Creamy Spinach with Mung Beans


Visit the Indian Food Glossary for information on the ingredients in this recipe
Creamy Spinach with Mung Beans

The fresh and wholesome taste of green mung beans was one of the great revelations to me when I started cooking Indian vegetarian food more than two decades ago. Light, refreshing, nourishing and slightly starchy in flavor, mung beans are a colorful and delicious platform for dry curries using spices, ginger, coconut and vegetables. The fact that they cook up more quickly than most whole beans is a bonus for cooks in a hurry.

This mung bean and spinach curry makes for an easy and light but complete and filling delicious meal when served with fresh cook white rice — or a fragrant saffron rice as I have done here. Cooked with a ginger, tomato, coconut and an assortment of spices, the curry has a complex layering of flavors that belie the simplicity of putting it together. It's a fine curry to serve at any time of year.


Creamy Spinach with Mung BeansCreamy Spinach with Mung Beans
Recipe by
Cuisine: Indian
Published on May 26, 2017

Simple, light and nourishing mung bean and spinach curry with a delightful layering of ginger, tomato, coconut and spice flavors

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Ingredients:
  • 3/4 cup whole mung beans, soaked for at least 5 hours or overnight in enough water to cover
  • 1/2 teaspoon turmeric
  • 1 tablespoon olive or sesame oil
  • 1 teaspoon cumin seeds
  • 1/2 teaspoon fenugreek seeds
  • 2 teaspoons split urad dal, washed
  • 1-inch piece fresh ginger, grated or minced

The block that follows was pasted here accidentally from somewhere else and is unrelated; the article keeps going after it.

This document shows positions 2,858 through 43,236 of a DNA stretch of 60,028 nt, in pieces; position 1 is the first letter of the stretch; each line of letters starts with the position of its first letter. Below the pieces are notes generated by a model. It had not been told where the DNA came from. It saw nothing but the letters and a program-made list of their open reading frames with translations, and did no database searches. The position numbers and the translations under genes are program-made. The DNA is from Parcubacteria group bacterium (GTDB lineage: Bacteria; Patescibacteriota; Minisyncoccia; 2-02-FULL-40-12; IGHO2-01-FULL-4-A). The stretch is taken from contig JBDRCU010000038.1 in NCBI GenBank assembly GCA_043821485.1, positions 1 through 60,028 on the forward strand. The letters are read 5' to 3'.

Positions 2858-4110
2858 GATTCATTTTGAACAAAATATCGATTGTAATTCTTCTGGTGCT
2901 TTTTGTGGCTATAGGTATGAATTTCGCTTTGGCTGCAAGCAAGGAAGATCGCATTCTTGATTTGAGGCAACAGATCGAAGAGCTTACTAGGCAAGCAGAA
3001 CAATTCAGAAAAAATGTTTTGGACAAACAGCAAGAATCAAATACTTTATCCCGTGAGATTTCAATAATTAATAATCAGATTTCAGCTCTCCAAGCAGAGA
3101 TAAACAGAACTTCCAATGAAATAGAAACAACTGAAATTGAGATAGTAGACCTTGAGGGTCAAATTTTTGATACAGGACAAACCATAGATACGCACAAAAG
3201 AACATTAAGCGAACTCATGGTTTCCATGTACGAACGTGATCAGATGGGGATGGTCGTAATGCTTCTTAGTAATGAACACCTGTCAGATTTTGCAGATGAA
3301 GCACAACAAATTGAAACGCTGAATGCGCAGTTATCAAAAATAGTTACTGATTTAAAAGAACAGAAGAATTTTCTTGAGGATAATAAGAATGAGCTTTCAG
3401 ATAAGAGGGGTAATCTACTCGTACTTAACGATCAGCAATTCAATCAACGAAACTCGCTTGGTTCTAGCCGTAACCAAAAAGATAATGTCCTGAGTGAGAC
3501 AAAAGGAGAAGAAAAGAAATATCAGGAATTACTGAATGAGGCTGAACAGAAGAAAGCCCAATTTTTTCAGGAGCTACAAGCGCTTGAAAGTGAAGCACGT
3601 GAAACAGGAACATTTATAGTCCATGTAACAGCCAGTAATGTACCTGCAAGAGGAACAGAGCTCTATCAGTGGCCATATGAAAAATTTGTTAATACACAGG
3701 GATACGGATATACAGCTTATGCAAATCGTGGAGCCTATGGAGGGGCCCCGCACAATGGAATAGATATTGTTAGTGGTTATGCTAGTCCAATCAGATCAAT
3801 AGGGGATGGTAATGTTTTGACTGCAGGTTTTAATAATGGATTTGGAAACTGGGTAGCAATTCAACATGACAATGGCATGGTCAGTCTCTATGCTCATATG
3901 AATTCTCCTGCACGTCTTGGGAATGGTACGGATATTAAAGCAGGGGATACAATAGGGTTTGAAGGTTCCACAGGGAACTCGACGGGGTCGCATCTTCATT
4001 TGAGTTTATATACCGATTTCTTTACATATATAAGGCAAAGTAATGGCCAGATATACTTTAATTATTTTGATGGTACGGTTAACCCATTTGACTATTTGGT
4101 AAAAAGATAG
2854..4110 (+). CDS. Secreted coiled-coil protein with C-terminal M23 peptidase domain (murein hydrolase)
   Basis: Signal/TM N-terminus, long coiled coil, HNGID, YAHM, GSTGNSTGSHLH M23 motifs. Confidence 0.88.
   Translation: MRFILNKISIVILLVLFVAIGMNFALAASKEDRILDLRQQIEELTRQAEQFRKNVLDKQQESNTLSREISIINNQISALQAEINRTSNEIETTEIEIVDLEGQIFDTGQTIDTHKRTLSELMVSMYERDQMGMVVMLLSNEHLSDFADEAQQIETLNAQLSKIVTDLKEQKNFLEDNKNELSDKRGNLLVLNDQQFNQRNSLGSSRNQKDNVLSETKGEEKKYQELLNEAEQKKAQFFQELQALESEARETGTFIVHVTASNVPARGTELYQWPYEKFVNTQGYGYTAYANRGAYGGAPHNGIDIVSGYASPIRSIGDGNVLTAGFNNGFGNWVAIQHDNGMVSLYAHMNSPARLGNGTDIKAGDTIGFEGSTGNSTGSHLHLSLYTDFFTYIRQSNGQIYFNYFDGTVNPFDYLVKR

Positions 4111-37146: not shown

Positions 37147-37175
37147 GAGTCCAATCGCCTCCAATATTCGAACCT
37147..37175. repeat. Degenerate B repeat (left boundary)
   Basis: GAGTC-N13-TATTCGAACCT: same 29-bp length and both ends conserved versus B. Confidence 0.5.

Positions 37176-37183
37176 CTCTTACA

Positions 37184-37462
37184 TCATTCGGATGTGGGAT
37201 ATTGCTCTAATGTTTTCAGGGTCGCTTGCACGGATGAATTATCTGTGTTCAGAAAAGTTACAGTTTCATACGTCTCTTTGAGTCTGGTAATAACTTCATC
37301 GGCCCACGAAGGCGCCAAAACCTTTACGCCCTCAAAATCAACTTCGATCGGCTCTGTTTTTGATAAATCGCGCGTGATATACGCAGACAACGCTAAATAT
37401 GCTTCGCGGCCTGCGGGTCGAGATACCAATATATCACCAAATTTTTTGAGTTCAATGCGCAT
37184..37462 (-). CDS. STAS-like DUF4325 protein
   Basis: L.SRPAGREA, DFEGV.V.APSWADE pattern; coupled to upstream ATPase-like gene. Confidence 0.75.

• 2 green chilies, seeded and minced
  • 1 1/2 teaspoons ground coriander
  • 1/2 teaspoon turmeric
  • 1/2 teaspoon asafetida
  • small handful of dried curry leaves, crumbled
  • 1 medium tomato, finely chopped
  • 1 lb (450 g) fresh spinach, trimmed and roughly chopped
  • 2 tablespoons grated coconut
  • 1 teaspoon sea salt, or to taste
  • fresh ground black pepper to taste
  • juice of 1 lime (2 tablespoons)
Instructions:
  • Rinse the mung beans and soak for 6 hours or overnight in enough water to cover. Drain and rinse, then transfer to a medium saucepan and cover with 2 cups of fresh water. Add the turmeric and bring to a boil. Reduce heat to medium-low, cover, and simmer for 40 minutes or until the beans are tender and most of the water has been absorbed. Remove from heat an set aside.

  • Heat the oil in a large saucepan over medium heat. When hot, toss in the cumin seeds and fenugreek seeds and fry until the cumin seeds darken a few shades. Add the urad dal, ginger and chilies, and cook for another few minutes. Add the coriander, turmeric, asafetida and curry leaves, stir a couple of times, and then add the tomato to the pan. Stir for another few minutes to thicken the tomato.

  • Now add handfuls of spinach at a time, cooking until wilted. Stir in the cooked mung beans, coconut, and salt and black pepper to taste. Cook for another few minutes, adding more water as desired to achieve desired consistency. Stir in the lime juice and simmer for another few minutes.

  • Remove from heat and serve over fresh cooked white basmati rice.

Makes 4 servings

Mung Beans and Spinach

Sharing this with Eat Your Greens, hosted this month by Shaheen and co-hosted by The Veghog.

Other recipes featuring spinach to try from Lisa's Vegetarian Kitchen:
Sweet Potato, Chickpea and Spinach Curry with Green Peas
Saag Aloo (Spinach and Potato Curry)
Aloo Palak Paneer Pie
Spinach Pancakes with Lime Butter

2 comments:

Shaheen said...

I do like mung beans, but I am afraid I don't use it that much. This is a lovely naturally creamy dish with the addition of spinach. Thank you for sharing with #EatYourGreens

ray@humblelentil said...

Hi Lisa, will be trying this recipe soon. Whole mung beans have more of an association with wholefood veggie recipes I used to cook in the eighties. Not that they were not tasty, there were, but a little beard and sandal brigade. When I got interested in Indian food then it was the mung dal I tended to use but more recently I have been discovering recipes using the whole mung beans, often in combinations with other dals. I love the earthiness they bring. Black dal, whole urid dal, is one of my favourite dishes.